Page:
Macy

Macy

Friday, December 30, 2011

Kidneys & onto 2012

Macy had her final appointment of 2011 on Wednesday!  I counted on the calendar that we spent 62 days in the hospital/Dr. offices in 2011.  I really hope it is much less in 2012!  


So the appointments she had Wed. were a kidney ultrasound.  She has those every 6 months to make sure her kidney(s) are growing correctly.  She does technically have 2 kidneys, but they are fused together and both on the right side of her body (called a horseshoe kidney).  We then met with Macy's kidney specialist (who is super nice by the way), and she said they are looking great! Her right kidney has always been larger than her "left" kidney; but her left kidney is catching up in growth and they are both pretty much the same size now and are just above the 50th percentile so that is really good news!


Since we were already scheduled to get Macy's blood draw after that appointment for the HLA typing; her Dr. agreed for her nephrology bloodwork to be done in March with her hematology/oncology bloodwork.  And for once we got really lucky with Macy's blood draw. All it took this time was 1 poke, and somehow they hit the perfect spot and her blood flowed really well.  They got the 7cc's they needed easily.  I was SO happy and relieved!  Unless something crazy happens; we have no appointments until March 2012!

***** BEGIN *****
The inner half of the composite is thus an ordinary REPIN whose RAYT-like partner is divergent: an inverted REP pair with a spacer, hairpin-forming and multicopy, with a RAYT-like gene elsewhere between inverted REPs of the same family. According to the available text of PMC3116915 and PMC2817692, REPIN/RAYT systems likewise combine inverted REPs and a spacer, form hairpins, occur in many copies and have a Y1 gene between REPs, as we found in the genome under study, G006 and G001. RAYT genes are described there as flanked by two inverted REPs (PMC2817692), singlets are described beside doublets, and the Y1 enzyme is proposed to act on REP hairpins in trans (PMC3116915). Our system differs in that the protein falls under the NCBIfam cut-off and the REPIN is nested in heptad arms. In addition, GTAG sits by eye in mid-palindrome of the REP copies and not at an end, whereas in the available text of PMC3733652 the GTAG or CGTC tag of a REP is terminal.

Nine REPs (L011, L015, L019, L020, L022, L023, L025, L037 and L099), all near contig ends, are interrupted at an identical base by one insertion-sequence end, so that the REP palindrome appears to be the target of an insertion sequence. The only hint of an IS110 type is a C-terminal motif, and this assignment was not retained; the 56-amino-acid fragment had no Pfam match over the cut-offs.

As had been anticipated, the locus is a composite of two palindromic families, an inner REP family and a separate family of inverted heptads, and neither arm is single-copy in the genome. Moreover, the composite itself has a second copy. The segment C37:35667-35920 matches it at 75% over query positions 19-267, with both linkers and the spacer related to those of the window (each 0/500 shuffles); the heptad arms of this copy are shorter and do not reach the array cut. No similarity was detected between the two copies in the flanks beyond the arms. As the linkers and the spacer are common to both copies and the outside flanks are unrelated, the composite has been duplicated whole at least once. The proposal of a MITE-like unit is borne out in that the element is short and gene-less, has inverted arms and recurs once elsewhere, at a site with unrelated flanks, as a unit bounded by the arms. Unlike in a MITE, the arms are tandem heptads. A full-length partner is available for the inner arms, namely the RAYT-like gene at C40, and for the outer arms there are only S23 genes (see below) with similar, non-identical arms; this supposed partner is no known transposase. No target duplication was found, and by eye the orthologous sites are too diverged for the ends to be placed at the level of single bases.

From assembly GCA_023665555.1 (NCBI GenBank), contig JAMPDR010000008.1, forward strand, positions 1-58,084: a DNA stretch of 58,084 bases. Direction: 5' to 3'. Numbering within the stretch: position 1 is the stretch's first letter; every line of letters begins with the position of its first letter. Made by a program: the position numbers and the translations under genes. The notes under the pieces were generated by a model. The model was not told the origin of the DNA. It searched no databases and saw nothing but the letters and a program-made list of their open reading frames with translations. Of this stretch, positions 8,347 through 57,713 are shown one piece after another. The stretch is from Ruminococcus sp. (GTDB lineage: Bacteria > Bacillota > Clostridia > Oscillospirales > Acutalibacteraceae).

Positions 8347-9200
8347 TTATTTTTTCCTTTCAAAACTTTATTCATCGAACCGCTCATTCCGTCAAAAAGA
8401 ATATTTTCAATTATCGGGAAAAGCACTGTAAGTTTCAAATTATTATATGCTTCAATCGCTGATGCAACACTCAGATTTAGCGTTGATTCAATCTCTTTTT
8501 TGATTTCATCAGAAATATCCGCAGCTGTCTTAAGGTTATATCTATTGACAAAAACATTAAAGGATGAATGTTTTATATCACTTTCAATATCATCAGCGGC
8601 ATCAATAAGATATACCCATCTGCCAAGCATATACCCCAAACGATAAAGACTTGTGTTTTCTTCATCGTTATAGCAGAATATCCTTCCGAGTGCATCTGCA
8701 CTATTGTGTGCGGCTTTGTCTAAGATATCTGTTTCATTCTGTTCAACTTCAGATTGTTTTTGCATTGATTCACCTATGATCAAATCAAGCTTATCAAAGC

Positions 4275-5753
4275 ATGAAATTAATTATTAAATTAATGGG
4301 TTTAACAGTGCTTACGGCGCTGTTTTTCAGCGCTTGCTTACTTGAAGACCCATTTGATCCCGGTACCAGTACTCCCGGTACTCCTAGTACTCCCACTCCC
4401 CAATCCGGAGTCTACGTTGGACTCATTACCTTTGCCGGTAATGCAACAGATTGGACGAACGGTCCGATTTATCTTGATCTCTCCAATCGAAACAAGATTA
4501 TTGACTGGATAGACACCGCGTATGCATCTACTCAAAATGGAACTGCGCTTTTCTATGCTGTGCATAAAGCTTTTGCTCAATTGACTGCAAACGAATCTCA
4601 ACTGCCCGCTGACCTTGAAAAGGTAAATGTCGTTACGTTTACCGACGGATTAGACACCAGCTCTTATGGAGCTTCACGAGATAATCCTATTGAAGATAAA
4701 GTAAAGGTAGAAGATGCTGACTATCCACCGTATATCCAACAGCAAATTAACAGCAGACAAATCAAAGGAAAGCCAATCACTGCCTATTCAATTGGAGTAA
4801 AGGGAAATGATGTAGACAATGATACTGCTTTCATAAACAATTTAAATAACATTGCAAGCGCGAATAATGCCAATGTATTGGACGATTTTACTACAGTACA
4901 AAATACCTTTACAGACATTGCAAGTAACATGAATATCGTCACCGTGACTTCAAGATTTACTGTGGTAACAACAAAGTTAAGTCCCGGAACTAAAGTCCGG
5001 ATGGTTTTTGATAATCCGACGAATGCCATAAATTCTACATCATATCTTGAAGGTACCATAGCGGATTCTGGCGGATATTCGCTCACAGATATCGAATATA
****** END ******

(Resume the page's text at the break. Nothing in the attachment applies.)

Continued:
December seemed to fly by as tomorrow is New Year's Eve!  We had a wonderful Christmas, and are wishing, hoping, praying for 2012 to be a great year for us.  All we want is a healthy Macy and family; and if all goes according to plan a baby on the way that is FA free and a donor match for Macy.


Here are some pic.'s
Modeling the white headband Christmas Eve morning before putting on her dress

Xmas morning...out of all the toys she received, she only wanted to play with the sailboat that came with her water table

Thank you Angela!  Macy loved everything!

Macy playing with her water table
Even though 2011 has been the hardest year of my life; I can't say it has been the worst.  The worst year would mean involving Macy somehow and those two words "worst" and "Macy" just don't belong in the same sentence.  I guess I can say that the news we received is the worst, and that we've had the most severe stress that I ever could have imagined.  But at the same time anything with Macy involved is the best, brightest, and happiest of my life.  She is everything to us, and we love her more and more each day!  


Here's to a wonderful 2012!  We never know what cures tomorrow may bring!


**oh yeah, and we are 10 days post the elimination of zantac, and so far so good.  Let's hope it continues!


take care,
Jenn

Tuesday, December 20, 2011

Stats, HLA Typing, and meds

So Macy had her 15 month well child visit yesterday!  It went pretty good.  She only had to get 1 shot (whew!), and has completed all of her vaccinations until she is 4 years old (yes!).  These were her stats:  
Weight: 2.7 percentile 
Head: 5.8 percentile 
length: 28.1 percentile


Believe it or not she is actually improving on her weight.  For a while earlier this year she was below the 1st percentile and has been gradually climbing.  And as you can see she doesn't have a huge head which is very common for kids with FA.  Her weight and head circumference are pretty proportional; but her height has always been up there.  Skinny and tall because she has long legs.